The Samurai's wife, Masago, claims that after she was raped by Tajōmaru, who left her to weep, she begged her husband to forgive her; but he simply looked at her coldly. She then freed him and begged him to kill her so that she would be at peace. He continued to stare at her coldly, and then she fainted with dagger in hand. She awakens to find her husband dead with the dagger in his chest, supposedly an accident that happened when she fell over. She recalls attempting to drown herself some time later by a nearby lake.

Through a medium, the deceased Samurai, Kanazawa-no-Takehiro, claims that after he was captured by Tajōmaru, and after the bandit raped his wife, Tajōmaru asked her to travel with him. She accepted and asked Tajōmaru to kill her husband so that she wouldn't feel the guilt of knowing two men. Tajōmaru, shocked by this request, grabbed her, and gave the Samurai a choice of letting the woman go or killing her ("At this", the dead samurai recounted, "I almost forgave the bandit."). The woman fled, and Tajōmaru, after attempting to recapture her, gave up and set the Samurai free. The Samurai then killed himself with his own dagger. The ghost then mentions that somebody removed the dagger from his chest; upon hearing this (or more precisely, in the frame sequence after this part of the trial flashback is recounted), the woodcutter is startled, and claims that the dead man must be lying, because he was killed by a sword.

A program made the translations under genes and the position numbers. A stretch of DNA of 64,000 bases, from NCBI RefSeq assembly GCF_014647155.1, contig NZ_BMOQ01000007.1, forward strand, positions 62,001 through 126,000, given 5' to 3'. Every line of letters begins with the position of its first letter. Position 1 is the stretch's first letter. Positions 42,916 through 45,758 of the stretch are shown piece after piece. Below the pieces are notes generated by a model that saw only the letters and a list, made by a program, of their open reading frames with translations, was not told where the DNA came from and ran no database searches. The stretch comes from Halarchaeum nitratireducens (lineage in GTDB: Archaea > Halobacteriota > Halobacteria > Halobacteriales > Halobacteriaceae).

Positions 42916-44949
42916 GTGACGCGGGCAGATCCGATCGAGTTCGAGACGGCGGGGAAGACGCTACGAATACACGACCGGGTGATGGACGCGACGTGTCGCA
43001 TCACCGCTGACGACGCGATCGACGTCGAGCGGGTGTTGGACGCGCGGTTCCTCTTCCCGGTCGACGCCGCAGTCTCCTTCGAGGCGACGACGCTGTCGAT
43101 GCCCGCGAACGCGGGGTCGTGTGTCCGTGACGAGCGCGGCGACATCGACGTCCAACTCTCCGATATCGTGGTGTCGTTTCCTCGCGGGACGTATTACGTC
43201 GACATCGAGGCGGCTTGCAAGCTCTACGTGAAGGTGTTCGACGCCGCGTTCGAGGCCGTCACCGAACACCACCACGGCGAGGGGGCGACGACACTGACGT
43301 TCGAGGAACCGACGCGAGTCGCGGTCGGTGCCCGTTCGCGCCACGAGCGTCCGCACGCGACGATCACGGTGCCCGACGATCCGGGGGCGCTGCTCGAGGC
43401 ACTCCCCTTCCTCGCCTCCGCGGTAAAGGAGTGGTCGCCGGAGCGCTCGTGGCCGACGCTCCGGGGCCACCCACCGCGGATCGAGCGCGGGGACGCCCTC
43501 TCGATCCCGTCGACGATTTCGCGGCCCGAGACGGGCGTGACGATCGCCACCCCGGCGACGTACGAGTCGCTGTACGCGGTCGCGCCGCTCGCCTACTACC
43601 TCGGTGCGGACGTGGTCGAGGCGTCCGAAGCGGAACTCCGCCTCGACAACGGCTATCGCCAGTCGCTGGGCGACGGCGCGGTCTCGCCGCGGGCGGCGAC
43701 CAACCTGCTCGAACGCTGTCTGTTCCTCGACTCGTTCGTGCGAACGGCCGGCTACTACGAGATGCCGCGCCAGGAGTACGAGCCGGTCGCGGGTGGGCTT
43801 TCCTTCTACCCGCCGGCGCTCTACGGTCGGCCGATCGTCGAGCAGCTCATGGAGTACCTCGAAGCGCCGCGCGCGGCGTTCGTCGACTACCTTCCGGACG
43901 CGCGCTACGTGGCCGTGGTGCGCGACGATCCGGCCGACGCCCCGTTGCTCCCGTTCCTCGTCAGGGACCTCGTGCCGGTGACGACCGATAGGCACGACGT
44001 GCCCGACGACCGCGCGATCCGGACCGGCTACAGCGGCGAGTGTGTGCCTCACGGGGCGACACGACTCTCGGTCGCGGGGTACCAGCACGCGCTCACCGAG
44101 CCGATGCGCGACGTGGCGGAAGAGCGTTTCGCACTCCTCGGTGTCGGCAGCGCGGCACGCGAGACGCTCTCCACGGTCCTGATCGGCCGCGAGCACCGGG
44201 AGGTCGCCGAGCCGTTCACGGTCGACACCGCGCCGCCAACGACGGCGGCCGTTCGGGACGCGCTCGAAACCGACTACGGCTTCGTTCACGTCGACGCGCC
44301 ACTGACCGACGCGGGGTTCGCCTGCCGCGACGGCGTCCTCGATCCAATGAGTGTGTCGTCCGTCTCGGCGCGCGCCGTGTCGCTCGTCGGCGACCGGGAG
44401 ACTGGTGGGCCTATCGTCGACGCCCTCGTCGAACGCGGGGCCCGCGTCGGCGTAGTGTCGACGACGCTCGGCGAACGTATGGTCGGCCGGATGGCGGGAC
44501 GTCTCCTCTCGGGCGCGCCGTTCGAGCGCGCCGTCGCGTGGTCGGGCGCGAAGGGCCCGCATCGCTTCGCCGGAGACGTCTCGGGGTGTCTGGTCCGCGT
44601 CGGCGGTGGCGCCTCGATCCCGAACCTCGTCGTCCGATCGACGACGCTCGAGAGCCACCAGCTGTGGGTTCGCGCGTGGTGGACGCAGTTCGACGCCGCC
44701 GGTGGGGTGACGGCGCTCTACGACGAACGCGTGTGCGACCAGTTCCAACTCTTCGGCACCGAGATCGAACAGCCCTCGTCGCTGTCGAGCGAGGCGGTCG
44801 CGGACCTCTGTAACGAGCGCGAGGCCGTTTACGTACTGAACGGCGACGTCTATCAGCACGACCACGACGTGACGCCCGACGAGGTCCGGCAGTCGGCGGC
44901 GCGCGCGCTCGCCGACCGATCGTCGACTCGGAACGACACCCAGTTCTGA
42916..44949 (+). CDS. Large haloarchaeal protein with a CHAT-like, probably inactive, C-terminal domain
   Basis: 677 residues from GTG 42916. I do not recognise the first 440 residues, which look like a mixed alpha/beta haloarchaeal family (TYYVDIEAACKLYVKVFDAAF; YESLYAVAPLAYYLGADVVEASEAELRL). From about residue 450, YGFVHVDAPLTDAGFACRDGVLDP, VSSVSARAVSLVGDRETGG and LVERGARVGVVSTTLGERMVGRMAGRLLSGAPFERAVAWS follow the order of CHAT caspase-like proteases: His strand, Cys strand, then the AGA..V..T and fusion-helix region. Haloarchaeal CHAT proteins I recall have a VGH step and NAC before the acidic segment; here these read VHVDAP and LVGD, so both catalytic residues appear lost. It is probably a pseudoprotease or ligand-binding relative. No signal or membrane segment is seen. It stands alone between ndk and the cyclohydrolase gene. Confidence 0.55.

The woodcutter then confesses that his earlier view was a lie and that he did in fact witness the murder. He says that Tajōmaru raped the Samurai's wife, and then begged the weeping woman to marry him. She instead freed her husband, then continued weeping. Tajōmaru began advancing upon her husband, with her encouragement. Upon realizing he was about to be attacked, the Samurai said that he was unwilling to die for a woman such as her, and that he would mourn the loss of his horse more than the loss of his wife. At this, the woman was provoked into a rage, demanding that the two men duel in order to win her (that "a woman's love is won by swords"), and expressing her exhaustion at the role she was asked to play. At her speech, Tajōmaru and the Samurai began to fight, but in the Woodcutter's recollection the struggle only showed how clumsy and frightened they were, each man leaving much to be desired by way of both courage and combat skill. After an extended sequence of fighting, Tajōmaru won the duel, plunging his sword into the chest of the Samurai as he (the Samurai) was attempting to scramble up a hillock. After killing the Samurai, Tajōmaru advanced on the woman, attempting to grab her. The woman fled as he chased her, and the recollection closed.